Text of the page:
   Study population
       Eligibility criteria
            Provide rationales for inclusion and exclusion criteria
             (see Example 5).
            Provide rationales for control groups.
   Subject recruitment, enrollment, and
       Describe sources of eligible subjects.
       Describe methods for identifying; contacting; and
        enrolling subjects, including obtaining informed
    Research Design and Methods

   Study procedures: provide an overview of
    the following:
       Number of study visits
       Where study visits will take place
       Type of data that will be collected
       Who will collect data or perform procedures
       Where specimens will be stored/analyzed
    Research Design and Methods

   Study measurements
       Organize and categorize them by
          Specific Aim, or

          How they will be used analytically:
               predictor variables
               outcome variables
               confounding variables
       Provide rationales for your choice if several options
        are available.
       Limit the amount of technical detail.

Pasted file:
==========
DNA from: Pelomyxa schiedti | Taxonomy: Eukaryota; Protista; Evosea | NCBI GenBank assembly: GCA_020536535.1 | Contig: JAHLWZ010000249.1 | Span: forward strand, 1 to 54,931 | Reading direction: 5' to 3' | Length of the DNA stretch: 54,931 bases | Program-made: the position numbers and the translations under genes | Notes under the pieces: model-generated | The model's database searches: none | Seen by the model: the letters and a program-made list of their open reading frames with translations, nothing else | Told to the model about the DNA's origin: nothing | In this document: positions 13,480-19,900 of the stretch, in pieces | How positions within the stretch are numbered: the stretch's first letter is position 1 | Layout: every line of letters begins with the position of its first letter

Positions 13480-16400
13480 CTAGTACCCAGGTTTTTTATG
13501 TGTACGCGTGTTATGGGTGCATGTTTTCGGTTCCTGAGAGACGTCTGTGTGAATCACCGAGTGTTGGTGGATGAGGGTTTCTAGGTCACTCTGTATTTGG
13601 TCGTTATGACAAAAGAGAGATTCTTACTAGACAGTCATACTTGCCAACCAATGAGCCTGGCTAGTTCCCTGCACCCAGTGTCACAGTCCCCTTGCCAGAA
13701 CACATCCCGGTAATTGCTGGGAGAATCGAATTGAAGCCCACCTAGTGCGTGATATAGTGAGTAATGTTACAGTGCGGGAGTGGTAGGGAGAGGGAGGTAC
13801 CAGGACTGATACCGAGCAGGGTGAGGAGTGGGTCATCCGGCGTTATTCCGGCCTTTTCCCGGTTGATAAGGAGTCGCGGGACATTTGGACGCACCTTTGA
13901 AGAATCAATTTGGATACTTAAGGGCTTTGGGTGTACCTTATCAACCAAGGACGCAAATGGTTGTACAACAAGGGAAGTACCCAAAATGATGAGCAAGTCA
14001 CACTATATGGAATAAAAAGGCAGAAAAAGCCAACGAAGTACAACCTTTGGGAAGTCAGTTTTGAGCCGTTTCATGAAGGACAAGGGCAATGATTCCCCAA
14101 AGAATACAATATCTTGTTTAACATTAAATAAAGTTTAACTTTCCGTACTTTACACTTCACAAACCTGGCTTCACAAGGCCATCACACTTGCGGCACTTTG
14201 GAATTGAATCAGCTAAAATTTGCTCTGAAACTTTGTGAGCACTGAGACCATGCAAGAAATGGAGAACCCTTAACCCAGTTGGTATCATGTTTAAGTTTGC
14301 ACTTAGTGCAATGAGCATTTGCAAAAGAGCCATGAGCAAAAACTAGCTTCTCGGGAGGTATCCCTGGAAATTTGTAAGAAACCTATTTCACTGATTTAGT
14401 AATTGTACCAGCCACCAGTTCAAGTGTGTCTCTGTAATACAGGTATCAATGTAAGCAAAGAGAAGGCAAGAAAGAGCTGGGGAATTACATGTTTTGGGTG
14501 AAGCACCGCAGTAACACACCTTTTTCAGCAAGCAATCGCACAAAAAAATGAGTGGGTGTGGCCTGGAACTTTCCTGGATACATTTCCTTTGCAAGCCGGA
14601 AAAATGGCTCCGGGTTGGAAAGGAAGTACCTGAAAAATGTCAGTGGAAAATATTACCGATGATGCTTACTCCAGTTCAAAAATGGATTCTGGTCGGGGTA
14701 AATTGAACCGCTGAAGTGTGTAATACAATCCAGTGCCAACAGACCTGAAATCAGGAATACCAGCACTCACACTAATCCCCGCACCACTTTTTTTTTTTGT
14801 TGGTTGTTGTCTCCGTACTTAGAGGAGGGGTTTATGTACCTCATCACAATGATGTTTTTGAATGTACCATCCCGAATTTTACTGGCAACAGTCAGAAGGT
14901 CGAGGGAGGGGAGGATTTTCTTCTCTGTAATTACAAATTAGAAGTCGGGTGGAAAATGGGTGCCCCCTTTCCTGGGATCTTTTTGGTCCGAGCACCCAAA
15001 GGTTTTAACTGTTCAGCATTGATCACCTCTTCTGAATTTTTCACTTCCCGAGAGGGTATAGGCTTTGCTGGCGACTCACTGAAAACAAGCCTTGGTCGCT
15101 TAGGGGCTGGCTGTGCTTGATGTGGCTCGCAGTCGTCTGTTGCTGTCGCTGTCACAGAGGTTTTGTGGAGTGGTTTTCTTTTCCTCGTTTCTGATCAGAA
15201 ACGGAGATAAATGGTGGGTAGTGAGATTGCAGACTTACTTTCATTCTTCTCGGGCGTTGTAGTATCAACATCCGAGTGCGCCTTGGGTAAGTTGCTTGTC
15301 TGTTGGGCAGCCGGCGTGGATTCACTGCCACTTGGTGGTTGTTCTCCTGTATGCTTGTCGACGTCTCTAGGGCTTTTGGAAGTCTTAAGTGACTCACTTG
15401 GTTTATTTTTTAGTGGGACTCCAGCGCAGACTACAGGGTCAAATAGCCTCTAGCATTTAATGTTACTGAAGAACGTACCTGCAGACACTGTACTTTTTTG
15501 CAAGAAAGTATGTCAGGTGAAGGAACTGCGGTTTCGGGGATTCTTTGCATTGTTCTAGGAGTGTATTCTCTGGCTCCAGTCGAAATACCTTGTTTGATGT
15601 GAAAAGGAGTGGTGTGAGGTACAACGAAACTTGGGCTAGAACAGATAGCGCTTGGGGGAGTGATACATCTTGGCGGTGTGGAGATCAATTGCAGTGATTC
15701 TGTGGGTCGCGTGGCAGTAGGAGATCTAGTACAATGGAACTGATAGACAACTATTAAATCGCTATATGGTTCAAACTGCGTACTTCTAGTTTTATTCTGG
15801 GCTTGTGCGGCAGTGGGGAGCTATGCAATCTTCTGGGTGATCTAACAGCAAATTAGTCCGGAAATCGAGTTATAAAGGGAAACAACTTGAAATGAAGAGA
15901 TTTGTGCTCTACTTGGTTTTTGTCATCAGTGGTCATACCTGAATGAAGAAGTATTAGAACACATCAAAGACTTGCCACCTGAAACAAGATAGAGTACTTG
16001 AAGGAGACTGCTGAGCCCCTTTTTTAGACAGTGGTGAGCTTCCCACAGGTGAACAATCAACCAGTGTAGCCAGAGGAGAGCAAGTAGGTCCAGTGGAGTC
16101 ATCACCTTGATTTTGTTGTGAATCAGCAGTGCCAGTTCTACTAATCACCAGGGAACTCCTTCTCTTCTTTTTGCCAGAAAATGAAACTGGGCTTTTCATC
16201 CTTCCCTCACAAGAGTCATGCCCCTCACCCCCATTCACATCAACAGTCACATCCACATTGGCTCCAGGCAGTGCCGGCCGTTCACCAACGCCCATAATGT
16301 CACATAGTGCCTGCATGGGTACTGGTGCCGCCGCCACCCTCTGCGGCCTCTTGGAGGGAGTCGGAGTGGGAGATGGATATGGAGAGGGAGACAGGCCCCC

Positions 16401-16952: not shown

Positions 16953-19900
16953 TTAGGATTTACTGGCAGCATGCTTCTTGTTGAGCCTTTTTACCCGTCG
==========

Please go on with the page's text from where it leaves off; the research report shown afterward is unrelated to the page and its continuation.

Research Design and Methods

   Data quality and management
       Issues that could be included:
            Staff training
            Quality audits
            Missing data
   Data analysis
       Hypothesis testing
       Sample size calculations
       Expected findings
       Data interpretation
    Research Design and Methods

   Potential problems and alternative approaches
       Openly recognizing any inherent holes or pitfalls in
        your research plan can “show maturity.”
       It is entirely appropriate to acknowledge weaknesses
        and to present alternative plans.
       It is a common and costly mistake to leave this kind of
        information out of your research plan.
   Timeline: Indicate when each specific aim will be
    implemented and completed.
       Emphasize feasibility of accomplishing all specific
        aims within the timeframe and resources requested
        (see Example 6).
           Project Summary and Relevance

   Provide an abstract of the whole application
       Include description of the candidate’s immediate and
        long-term career goals, training plan, mentoring team,
        and research project.
   Using no more than 2 or 3 sentences, describe
    the relevance of your research to public health.
       Be succinct and use plain language that can be
        understood by a general, lay audience.
       See Example 7.
         Human Subjects Research

   A part of the peer review process will include
    careful consideration of protections from